Five men crowd together in the small shoe repair shop, their toes tapping and their hammers rapping in time to the music blaring from a small tape deck.
While the Funkadelics sing "Feet Don't Fail Me Now," a short, stocky man props a batered boot on his shoemaker's last and calls the other workers to gather around. He begins to reconstruct the sole, explaining the fine points of leathercraft to his students.
It's a typical afternoon in this not so typical shoe repair shop in Southeast, where youngsters learn "shoe business" from a man the neighborhood children call Peter Bug.
At Peter Bug's Shoe Repair Academy, customers are charged only for the cost of the materials, and senior citizen can have their shoes picked up and delivered at no extra charge. Area youngsters who are interested in learning the shoe repair trade can stop by after school for lessons in heels, soles and customer service.
Until March, the academy was just a dream for 28-year-old John Francis Matthews, who earned the nickname Peter Bug from the souped-up gold Volkswagen he drives.
Raised just a few blocks from the small building at 1320 E St SE that houses his academy, Matthews learned the basics of shoe repair at Phelps Vocational High School and studied advanced leathercraft at Oklahoma Technical Institute.
A warm, friendly man who has become a father figure to local children in his neighborhood Matthews studied anthropology and sociology at Federal City College because he said he wanted to learn something "that would relate to man and his surroundings."
After graduation, he worked at several area shoe repair shops and taught shoe repair at Phelps. He got the idea for a shoe repair academy in 1975 when he was working as an adult supervisor for the D.C. youth courtesy patrol-a D.C. Recreation Department program where youngsters servce as escorts to older citizens along city streets.
"I like working with kids and I can fix shoes, so I thought I'd try to start a shoe repair academt," would "help kids solve their problems and learn a constructive trade."
He spent a year and a half mapping out his proposal, which he submitted to his Capitol Hill, area Neighborhood Planning Council in October 1977.
To show their support for the proposed academy, about 75 adults and children attended the NPC meeting the night the council was to vote on Matthew's plan.The council adopted the proposal and alloted the academy $7,500 for 1978-79.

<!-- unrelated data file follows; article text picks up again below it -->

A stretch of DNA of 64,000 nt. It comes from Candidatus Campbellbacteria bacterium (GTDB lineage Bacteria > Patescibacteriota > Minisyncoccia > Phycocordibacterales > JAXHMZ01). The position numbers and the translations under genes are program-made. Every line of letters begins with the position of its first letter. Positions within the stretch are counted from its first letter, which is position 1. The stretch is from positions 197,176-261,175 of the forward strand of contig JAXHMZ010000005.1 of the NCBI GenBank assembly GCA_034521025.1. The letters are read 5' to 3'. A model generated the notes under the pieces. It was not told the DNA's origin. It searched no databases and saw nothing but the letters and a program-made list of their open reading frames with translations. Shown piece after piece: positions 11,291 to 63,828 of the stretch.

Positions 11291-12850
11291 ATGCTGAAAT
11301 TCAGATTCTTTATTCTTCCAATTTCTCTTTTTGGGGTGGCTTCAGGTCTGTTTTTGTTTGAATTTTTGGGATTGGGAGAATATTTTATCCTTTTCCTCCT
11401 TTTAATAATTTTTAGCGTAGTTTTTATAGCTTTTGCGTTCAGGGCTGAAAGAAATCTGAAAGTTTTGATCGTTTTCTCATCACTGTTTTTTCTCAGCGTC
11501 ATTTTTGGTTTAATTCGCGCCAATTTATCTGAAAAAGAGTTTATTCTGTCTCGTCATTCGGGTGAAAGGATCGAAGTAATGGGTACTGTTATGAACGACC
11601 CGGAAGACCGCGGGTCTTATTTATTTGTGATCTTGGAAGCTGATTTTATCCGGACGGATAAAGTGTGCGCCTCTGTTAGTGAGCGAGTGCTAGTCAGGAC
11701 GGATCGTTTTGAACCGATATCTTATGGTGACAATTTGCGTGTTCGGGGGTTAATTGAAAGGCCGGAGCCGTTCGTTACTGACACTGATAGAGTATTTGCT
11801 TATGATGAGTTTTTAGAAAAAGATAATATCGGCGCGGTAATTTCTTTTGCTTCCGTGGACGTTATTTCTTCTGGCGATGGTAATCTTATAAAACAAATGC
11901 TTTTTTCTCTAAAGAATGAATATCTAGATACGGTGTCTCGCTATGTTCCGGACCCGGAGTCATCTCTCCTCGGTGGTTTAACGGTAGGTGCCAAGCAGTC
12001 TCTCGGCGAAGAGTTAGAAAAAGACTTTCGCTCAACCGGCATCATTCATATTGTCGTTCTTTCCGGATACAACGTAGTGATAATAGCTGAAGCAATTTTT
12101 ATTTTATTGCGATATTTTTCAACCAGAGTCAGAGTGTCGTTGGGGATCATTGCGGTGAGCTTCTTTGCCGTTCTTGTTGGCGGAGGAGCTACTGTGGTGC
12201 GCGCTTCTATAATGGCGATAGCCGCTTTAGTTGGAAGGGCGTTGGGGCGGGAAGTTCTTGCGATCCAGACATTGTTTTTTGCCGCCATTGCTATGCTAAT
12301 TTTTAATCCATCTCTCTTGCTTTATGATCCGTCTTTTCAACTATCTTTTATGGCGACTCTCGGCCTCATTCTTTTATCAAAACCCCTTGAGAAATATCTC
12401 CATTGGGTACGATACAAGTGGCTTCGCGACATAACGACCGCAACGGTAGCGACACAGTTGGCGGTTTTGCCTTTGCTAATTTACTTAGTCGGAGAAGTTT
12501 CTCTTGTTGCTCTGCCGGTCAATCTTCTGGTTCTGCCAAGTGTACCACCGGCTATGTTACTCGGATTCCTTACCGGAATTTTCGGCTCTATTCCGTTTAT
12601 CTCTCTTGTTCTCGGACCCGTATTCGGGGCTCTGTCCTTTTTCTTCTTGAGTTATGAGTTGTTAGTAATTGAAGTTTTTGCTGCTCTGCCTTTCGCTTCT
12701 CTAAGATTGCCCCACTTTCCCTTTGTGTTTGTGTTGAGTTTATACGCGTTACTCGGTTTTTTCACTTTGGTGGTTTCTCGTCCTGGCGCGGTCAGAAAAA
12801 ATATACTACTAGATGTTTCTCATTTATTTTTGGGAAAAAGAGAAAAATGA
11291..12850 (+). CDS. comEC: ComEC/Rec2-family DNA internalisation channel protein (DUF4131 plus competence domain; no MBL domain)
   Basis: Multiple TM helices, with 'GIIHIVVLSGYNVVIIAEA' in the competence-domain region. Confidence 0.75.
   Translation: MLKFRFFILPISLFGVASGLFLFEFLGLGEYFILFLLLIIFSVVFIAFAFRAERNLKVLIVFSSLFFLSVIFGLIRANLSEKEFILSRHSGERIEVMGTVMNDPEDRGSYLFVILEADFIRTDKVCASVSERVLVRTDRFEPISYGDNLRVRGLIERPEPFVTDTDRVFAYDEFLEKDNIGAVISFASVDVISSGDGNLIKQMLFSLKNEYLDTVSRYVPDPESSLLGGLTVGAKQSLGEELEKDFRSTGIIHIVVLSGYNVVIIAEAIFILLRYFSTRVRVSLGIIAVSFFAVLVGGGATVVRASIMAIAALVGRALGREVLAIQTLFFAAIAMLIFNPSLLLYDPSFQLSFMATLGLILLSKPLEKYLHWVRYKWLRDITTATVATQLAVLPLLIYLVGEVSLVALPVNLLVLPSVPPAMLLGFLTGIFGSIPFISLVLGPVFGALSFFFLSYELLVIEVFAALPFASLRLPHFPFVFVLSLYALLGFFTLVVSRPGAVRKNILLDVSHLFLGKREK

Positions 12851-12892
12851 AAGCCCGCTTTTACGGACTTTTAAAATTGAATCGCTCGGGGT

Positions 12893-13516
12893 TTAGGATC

The D.C. Recreation Department, which administers NPC youth programs, found a home for the academy by renovating a tiny, abandoned building that had been an annex to Buchanan Elementary School.
The brick building borders a city park, dedicted by Lady Bird Johnson, on a blocked-off street known as Sesame Street. A shoe repairman who was going out of business sold his equipment to the new academy at a bargain rate, and Peter Bug Shoe Repair Academy was born.
The neighborhood turned out for the grand opening in March. Matthews spent $500 of his own money to rent carnival rides and purchase food that he distributed free to the approximately 700 celebrants.
"We called it the first annual Bugzilla Day Festival," Matthews grinned, pointing to pictures of the event that he has taped on the wall-photos showing local politicians Marion Barry and Hilda Mason enjoying the party.
Twenty students are enrolled at the academy, and business is fine, Matthews said. Several regulars come by every day after school to work for several hours, while others study one or two afternoons a week.
"We teach the basics-a student first has to take a shoe apart and put it back together," Matthews said. "Hopefully, students will be creative, but have a little bit of Peter Bug in them, too.
"We also teach customer relations. A 14-year-old has to learn how to take shoes from a 36-year-old customer. It's not for you to argue with the customer, you should make his day a little more pleasant.
"And a shoe repairman is like a cab driver-he's got to know a little bit about everything-politics, sports-because waiting for your shoes can be boring."
Matthews' students say they've learned a great deal apprenticing at the shop.
"I figure it's a good job because a whole lot of people need shoes fixed," said Darnell Pringle, 17. "It's a really good place."
"I've got a lot of shoes at home that wear out, and I got interested in fixing shoes," said Eastern High School senior Clarles Kingsland who attends the academy each weekday from 4 to 7 p.m. "I've learned the basic fundamentals of taking heels off, making half soles and whole soles.
The Peter Bug Shoe Repair Academy is one of 168 NPC-developed programs in the city, said Curtis Taylor, chief of the D.C. Recreation Department division of community-based programs for children and youths. Other skill development and training programs for youths include a ceramics factory, tutoring services and a health clinic.
"The key to the concept is that these programs are controlled by community people, not bureaucrats," Taylor said. "John Matthews is very in tune with what's going on in the community.
"And the concept of that program is one of the most valuable we have, because youngsters are being trained in viable trade while providing services to senior citizens." CAPTION: Picture 1, "Peter Bug," center, gives instructions to Stephanie Matthews, left, and Charles Kingsland on the art of shoe repair. By Craig Herndon-The Washington Post; Picture 2, "Peter Bug" with the monogrammed, souped-up, gold Volkswagen he drives, to the delight of neighborhood children. By Craig Herndon-The Washington Post